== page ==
6. I know it's not really fair to judge a restaurant after one lunch, and an RW lunch at that, but since it's been open too long not to have a thread, I will anyway. The simple description, and I apologize to the current team that may or not being trying to avoid comparisons, is that it's essentially Vidalia with slightly different decor. And since I loved Vidalia, I mean that in a good way. Really, if you had told me I had just eaten at Vidalia after an interior makeover, I'd have no reason to doubt you. Started with a delicious basket of banana bread with whipped butter and a fruit compote. First course: Chesapeake Sugar Toads new orleans bbq, popcorn grits, pickled okra Essentially a poor man's shrimp and grits, except that I prefer sugar toad to shrimp any day of the week. If you've never had sugar toad (a little Chesapeake Bay puffer fish) before, you should. The only place I've had it before is, well, Vidalia. It's got a taste and texture somewhere between white fish, crab and shrimp, and was perfect with the toothy grits and sauce. Second course: Confit Duck Leg corn & tasso ham maque choux, duck sausage, pickled peach jam A perfect rainy day course. A nicely meaty leg with crisp skin...the sides had a touch of sweetness that cut through the duck really well. Dessert: Finnish Aura Blue Cheese concord grapes, rye bread, candied walnuts, spruce tip honey Simply a great combination of flavors and textures. So again, I hope I'm not insulting Chef Hamilton in any way by saying, in a obviously small sample size, that this place tastes like a re-born Vidalia. I'll certainly be back.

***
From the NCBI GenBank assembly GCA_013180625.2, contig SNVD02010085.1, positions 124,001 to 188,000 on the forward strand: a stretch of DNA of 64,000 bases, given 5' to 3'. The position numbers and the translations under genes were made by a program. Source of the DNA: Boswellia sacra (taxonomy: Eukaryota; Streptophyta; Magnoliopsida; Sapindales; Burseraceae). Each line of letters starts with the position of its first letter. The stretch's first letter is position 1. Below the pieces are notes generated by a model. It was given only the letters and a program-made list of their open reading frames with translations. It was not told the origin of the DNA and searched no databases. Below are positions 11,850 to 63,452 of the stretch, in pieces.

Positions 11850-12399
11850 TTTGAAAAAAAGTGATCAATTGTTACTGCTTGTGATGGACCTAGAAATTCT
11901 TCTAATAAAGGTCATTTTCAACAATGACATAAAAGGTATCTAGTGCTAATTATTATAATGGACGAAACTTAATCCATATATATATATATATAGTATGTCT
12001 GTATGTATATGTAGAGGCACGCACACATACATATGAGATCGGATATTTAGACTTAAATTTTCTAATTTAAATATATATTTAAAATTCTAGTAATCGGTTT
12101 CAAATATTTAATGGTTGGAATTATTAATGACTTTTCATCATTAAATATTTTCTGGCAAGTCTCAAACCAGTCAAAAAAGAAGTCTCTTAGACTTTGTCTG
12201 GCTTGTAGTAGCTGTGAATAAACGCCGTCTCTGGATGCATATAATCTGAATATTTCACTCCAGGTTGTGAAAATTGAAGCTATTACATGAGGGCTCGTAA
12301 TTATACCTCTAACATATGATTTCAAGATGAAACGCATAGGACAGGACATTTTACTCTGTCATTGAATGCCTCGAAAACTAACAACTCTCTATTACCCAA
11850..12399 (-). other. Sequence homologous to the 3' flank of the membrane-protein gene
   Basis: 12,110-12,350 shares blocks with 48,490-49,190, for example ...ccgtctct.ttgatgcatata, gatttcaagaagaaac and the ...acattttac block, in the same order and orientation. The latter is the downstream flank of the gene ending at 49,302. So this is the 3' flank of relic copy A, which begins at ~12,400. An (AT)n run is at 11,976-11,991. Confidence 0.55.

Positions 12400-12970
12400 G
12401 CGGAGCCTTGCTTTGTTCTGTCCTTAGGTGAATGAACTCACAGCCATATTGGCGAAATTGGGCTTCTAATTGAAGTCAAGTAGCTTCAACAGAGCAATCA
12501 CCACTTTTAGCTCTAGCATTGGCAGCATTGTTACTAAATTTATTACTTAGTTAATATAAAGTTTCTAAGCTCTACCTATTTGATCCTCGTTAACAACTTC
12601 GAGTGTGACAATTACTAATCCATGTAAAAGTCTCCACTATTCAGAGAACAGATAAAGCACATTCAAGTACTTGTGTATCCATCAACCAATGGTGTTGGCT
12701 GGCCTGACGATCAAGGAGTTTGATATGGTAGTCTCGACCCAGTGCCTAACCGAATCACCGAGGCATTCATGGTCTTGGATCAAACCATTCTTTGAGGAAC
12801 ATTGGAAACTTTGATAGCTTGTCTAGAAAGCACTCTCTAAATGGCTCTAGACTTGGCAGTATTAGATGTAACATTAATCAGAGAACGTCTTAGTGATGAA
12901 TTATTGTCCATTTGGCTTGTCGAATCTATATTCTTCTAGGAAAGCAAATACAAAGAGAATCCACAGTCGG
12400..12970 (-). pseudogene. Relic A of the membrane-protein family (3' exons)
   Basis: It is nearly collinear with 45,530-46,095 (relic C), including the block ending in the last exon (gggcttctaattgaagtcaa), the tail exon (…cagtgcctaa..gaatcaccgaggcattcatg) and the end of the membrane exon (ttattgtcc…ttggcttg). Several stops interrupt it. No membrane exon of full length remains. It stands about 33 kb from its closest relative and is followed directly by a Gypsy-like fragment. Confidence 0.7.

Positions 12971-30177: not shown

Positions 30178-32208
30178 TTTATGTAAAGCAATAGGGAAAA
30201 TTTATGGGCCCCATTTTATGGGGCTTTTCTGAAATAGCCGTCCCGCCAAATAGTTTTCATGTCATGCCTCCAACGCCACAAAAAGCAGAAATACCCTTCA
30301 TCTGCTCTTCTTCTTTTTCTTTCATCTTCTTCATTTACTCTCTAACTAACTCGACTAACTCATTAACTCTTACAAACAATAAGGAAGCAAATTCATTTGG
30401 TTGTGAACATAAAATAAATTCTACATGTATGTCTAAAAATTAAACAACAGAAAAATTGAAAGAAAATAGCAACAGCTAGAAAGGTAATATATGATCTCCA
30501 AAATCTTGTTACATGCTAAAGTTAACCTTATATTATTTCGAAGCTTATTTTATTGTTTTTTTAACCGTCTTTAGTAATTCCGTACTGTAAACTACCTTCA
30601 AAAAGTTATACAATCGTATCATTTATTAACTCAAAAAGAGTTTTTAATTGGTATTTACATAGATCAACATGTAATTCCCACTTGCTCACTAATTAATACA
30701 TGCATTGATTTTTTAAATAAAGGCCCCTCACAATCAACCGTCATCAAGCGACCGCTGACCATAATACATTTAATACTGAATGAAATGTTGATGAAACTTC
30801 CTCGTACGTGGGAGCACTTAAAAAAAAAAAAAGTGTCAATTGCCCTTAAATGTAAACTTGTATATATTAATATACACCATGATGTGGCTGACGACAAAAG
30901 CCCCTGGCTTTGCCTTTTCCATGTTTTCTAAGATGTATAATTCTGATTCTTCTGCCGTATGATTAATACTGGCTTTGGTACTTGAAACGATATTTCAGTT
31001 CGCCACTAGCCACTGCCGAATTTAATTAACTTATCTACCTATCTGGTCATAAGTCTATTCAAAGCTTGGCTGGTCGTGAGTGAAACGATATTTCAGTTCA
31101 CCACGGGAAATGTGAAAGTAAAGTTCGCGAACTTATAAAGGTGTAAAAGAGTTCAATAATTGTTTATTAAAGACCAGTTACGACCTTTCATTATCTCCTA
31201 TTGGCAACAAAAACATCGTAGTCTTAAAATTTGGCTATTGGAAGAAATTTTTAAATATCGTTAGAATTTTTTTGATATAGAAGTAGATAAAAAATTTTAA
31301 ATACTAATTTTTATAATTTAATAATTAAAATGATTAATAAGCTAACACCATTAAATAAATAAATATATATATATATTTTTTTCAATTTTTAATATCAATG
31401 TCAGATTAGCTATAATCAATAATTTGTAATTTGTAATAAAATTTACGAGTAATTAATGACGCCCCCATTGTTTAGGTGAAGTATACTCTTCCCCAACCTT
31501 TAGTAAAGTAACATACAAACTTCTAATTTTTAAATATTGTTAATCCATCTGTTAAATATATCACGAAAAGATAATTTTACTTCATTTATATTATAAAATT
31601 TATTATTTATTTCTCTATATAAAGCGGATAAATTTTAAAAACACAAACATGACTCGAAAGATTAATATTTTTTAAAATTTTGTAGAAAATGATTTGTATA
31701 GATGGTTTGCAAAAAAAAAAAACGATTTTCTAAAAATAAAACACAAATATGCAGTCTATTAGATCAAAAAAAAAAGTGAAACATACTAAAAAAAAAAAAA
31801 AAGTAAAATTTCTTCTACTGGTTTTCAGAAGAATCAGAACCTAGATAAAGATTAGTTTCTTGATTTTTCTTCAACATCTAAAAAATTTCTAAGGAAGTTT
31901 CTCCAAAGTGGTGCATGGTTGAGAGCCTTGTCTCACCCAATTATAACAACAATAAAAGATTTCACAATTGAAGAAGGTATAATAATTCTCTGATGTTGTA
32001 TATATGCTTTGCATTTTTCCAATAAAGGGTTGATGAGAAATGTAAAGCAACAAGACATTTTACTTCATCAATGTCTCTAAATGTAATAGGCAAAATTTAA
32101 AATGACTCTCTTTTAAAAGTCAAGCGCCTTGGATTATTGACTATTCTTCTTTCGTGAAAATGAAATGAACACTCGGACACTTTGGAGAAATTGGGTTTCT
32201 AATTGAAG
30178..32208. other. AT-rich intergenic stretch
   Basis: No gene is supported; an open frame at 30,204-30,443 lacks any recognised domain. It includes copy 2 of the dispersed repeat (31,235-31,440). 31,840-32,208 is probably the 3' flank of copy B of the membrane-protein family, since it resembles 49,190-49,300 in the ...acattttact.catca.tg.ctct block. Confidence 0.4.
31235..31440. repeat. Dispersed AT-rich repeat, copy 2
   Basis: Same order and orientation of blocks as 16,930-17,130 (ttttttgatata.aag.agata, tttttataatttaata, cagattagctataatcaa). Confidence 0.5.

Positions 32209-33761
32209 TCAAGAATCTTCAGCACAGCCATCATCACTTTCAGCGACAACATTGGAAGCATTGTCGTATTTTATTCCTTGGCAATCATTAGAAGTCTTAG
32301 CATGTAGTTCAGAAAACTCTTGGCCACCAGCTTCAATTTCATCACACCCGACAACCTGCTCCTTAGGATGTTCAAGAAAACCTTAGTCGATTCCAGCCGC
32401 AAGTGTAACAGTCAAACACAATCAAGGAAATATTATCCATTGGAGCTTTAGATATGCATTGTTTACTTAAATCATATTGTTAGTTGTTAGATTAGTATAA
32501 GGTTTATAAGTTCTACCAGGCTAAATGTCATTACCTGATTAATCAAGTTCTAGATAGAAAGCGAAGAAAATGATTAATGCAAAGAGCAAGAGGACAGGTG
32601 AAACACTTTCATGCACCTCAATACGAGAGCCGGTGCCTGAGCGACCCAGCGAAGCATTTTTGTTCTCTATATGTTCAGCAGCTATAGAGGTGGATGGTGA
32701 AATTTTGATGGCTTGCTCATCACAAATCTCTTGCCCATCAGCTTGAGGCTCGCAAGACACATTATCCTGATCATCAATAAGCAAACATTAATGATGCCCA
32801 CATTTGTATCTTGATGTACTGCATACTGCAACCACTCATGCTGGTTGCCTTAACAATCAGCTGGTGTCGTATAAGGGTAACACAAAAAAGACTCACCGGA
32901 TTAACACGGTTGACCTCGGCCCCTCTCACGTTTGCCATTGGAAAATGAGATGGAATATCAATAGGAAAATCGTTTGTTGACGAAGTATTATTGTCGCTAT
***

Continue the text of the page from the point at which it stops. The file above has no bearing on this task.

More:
7. Pinea, the restaurant replacing J&G Steakhouse, is opening on Oct. 1, 2014 (via Washingtonian).
  8. Went to matchbox tonight "on a whim". Try the white pizza with prosciutto. But instead of prosciutto, have anchovies on the side. Mmmmmmmm.
  9. Vermilion hosts a wine dinner each month - typically the first Monday of the month - however August will be a bit different. The restaurant is serving up a five course dinner paired with various beers from Dogfish Head Brewery in Delaware. Cost is reasonable at $60 inclusive of tax and tip. Menu Passed Appetizers and Tasting Crab Cigars, Curry Russian Dressing Goat Cheese Profiterole with Basil and Mint Grilled Bison Hanging Tenderloin Crostini, Horseradish Cream Dogfish Head Shelter Pale Ale First Course Prosciutto Wrapped Figs with Gorgonzola, Microgreens Dogfish Head Indian Brown Ale Second Course Arugula and Brie Cheese Salad, Dried Apricots, Pumpkin Seeds, Celery Root and Champagne Vinaigrette Dogfish Head Aprihop Third Course Baked Maryland Rockfish, Fingerling Potatoes, Wild Mushrooms, Green Beans, Rosemary Cream Sauce Dogfish Head 90 Minute IPA Fourth Course Grilled Bistro Filet Marinated in Chicory Stout, Orange and Soy, Grilled Summer Squash, Shitake Mushroom Glaze Dogfish Head Chicory Stout Final Course Assorted Truffles and Chocolates Dogfish Head Raison D’Etre Reservations can be made by calling the restaurant at 703.684.9669. These events typically fill up pretty quickly, so get in early! Cheers!
  10. I don't see a thread for Lena's Wood-Fired Pizzas & Tap at 401 E Braddock Rd, near Braddock Metro Station. Friends and family opening was this weekend, and soft opening reported for today. This is said to be a partnership between management of The Majestic/Virtue and the Yates family. The space looks great. Large bar. Extensive outdoor patio with fire pit and gas heaters.
  11. I'm really looking forward to trying this place. Has anyone been yet? Thrillest article: http://www.thrillist.com/eat/washington-dc/20003/beucherts-saloon?utm_content=feature&utm_source=Sailthru&utm_medium=email&utm_term=Washington%20DC&utm_campaign=2.13.13%20DC:%20Beuchert%27s%20Saloon Restaurant website
  12. Signs up in the old Kemble Park Tavern space. Info, including a sample menu, in their application to serve alcohol. Doesn't look too exciting, but a good neighborhood joint is always welcome. They will be open at 6am for breakfast. . .